The Art Is Not in Making Money, But in Keeping It


Jesse Livermore, the so called “Boy Plunger” and probably the greatest Wall Street Trader who ever lived, died $340,000 in debt.

Many look at his life to learn the secrets of his often extraordinary trading success. A better track for financial prosperity is to study and learn from mistakes he committed in his personal life.

The clues for true riches can be found there. The lessons from his personal failures are exponentially more important for modern investors than his exploits in the commodities and stock markets.

During the Stock Market Crash of 1929, Jesse Livermore made $100 million dollars betting that the stock market would plummet in spectacular fashion.

When he arrived home after another appalling day of market bloodletting in October of 1929, both his wife and mother-in-law met him at the door in tears.

They assumed he had lost everything and they were financially ruined. Imagine their surprise when he told them that he was now one of the ten wealthiest men in the world!

Little did they all know that this would be his pinnacle of success; things would spiral horrifically out of control during the next decade.

Most would agree that personal wealth and happiness is attained by having a plan, saving in a disciplined manner, controlling expenditures, and avoiding making crushing financial errors.

None of this will work if investors spend more than they make, have unhealthy habits, and make bad choices regarding the people they associate with, both professionally and personally.

Jesse Livermore was guilty of all of the above and more. Often investors learn much more from knowing what not do rather than trying to become the next Warren Buffet.

Jesse Livermore provides a valuable case study in making calamitous unforced errors in lifestyle choices.

Here are five behavior tips that are the foundation for both building wealth but, more importantly, creating a happy and healthy lifestyle.

While Jesse Livermore was a master trader, his dysfunctional personal life proved to be his real undoing:

Avoid Lifestyle Creep – Keeping up with the Joneses will make you a slave to your paycheck. Livermore not only wanted to keep up with his rich posse, he desired to lap them several times over.  In 1922 he bought an estate in Great Neck N.Y. for $250,000. He proceeded to dump $1 million into various upgrades. These included $200,000 for silverware, $305,000 for jade ornaments, and $110,000 on furniture! Remember, this was 1922 when having hot water was the number one luxury for the one per centers.

Marry well – The choice of the right spouse is an integral part of wealth creation. It’s pretty hard to make it into Fortune’s list of the 500 wealthiest people if your spouse walks away with half of your assets, or more. Getting married several times will only compound this problem.  Jesse Livermore was married three times. His marriage to his first wife, Nettie, lasted less than a year. Amazingly, they remained married for the next 17 years though they barely saw each other!  After he was finally able to divorce Nettie, he married a former Ziegfeld Girl, Dorothy, who turned out to be a raging alcoholic. In addition, she came with the bonus of an annoying mother who took up residence in their home.  After divorcing Dorothy, Jesse married Harriet. She was ominously referred to as “The Widow-Maker.” Her previous four husbands all committed suicide! Unfortunately, Jesse kept this eerie streak intact.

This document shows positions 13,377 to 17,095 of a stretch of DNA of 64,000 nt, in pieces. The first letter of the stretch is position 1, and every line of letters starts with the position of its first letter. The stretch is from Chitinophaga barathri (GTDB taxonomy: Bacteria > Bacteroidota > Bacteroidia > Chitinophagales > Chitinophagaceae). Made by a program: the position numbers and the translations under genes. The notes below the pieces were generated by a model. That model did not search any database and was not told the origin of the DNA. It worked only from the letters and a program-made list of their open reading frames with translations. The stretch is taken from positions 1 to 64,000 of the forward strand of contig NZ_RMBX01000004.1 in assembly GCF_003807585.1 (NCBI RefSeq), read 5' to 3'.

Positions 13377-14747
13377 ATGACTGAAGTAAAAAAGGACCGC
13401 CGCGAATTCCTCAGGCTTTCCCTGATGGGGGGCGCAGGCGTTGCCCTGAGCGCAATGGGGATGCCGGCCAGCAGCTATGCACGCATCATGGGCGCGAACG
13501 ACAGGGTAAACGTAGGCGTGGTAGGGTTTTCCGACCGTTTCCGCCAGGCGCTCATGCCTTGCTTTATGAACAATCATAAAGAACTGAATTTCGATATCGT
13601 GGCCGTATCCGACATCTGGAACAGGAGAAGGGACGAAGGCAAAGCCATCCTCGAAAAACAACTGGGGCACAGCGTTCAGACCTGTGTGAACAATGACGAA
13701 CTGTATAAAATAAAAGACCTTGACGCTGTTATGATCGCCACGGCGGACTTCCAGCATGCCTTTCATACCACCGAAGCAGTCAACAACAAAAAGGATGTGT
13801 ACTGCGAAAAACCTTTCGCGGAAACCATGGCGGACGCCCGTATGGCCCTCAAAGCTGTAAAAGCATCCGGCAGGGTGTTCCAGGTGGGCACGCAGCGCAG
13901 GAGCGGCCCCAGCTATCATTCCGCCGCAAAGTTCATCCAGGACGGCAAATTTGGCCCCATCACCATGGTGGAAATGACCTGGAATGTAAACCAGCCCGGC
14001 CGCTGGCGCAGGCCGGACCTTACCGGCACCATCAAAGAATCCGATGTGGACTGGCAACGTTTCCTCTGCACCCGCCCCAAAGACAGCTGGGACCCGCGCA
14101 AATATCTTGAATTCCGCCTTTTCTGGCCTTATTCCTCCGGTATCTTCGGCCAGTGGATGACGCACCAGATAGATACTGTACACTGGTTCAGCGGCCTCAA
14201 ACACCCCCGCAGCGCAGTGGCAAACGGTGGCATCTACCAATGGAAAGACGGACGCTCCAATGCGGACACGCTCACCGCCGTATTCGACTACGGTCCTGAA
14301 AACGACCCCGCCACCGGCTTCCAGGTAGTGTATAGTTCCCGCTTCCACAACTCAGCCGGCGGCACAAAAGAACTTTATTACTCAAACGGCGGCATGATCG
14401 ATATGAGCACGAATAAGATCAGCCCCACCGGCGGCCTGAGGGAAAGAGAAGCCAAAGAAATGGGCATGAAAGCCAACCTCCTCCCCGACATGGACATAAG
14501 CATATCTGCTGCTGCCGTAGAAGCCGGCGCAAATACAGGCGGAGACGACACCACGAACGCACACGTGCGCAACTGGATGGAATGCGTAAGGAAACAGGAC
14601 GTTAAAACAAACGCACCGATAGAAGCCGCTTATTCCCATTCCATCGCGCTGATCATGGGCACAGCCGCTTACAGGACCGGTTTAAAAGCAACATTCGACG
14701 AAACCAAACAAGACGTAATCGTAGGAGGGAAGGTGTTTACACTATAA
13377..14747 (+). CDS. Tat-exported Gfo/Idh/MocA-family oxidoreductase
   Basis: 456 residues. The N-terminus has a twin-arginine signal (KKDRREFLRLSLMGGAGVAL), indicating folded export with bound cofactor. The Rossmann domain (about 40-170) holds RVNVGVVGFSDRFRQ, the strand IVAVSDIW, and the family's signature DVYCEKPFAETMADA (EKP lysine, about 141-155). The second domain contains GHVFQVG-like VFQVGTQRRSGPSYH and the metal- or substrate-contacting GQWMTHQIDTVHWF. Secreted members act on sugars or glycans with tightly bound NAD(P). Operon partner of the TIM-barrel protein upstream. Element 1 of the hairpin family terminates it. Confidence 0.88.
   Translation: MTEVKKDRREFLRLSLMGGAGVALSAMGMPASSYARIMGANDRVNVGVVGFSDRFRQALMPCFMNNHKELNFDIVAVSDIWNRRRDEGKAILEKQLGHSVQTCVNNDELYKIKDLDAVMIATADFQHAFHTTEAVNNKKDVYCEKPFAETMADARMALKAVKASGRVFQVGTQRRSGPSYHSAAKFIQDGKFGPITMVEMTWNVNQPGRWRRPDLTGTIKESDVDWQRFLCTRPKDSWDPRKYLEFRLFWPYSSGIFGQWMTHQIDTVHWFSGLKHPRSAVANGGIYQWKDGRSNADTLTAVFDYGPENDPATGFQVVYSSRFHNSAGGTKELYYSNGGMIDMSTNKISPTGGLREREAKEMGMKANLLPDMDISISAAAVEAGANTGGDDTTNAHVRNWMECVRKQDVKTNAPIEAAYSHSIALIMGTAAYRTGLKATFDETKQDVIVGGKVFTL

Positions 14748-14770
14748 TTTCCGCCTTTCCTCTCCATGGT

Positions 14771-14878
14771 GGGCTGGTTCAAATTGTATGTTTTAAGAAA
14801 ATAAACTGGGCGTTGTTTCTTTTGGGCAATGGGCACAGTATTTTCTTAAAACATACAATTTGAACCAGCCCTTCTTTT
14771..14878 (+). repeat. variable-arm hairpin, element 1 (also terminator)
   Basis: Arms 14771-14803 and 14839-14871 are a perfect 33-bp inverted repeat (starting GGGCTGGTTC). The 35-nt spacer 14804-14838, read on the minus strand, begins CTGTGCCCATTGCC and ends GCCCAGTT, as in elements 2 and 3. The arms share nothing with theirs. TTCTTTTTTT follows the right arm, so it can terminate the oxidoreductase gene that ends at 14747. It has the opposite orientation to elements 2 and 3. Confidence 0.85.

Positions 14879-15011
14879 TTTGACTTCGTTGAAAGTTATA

Find the Right Friends – Good friends can keep you grounded and focused. Jesse’s acquaintances often had the opposite effect. He liked to roll with movie stars, show girls, and other assorted corporate titans. Earning and saving money in volatile trading markets was next to impossible associating with this crew.

Don’t Spoil Your Children – Creating Paris Hilton clones will be devastating, both for family wealth and society as a whole. Jesse did not have the opportunity to spend much time with his sons. He compensated for this by spending lavish amounts on them. The family owned its own Pullman Train Car, several yachts and had an 80-member personal staff to service any whim, no matter how ridiculous.  The result of all this indulgence was disaster and tragedy.  His son, Jesse Livermore Jr., committed suicide in order to avoid life imprisonment for the attempted murder of a police officer. Sadly, his grandson also killed himself.

Find Healthy Habits – Adopting healthy habits tends to reduce stress and improve life quality, both of which increase the chances for less illness and lower medical costs; which, in turn, supports wealth building. When Jesse was not trading, he could often be found gambling in high-end speakeasies located in Palm Beach.Drinking was another favorite pastime, which didn’t complement his extensive firearms collection. This led to Dorothy nearly shooting Jesse Jr. during a drunken argument, nearly killing him.

Though Jesse was a financial wizard, he completely failed at all of the things that really matter. In the end, these lifestyle choices predictably destroyed his financial empire.

To be fair, it is highly probable that Jesse would have been diagnosed today as a manic depressive and possibly bi-polar. These conditions had a major impact on many of the decisions he made.

In the end, Jesse contradicted one of his most famous sayings, “Buy right, sit tight.”

He chose the wrong spouses, constantly bought new trinkets that he thought would make everyone happy, and let his losses run.

“It is not the man who has too little, but the man who craves more, that is poor.”  – Seneca


Source: Jesse Livermore Boy Plunger


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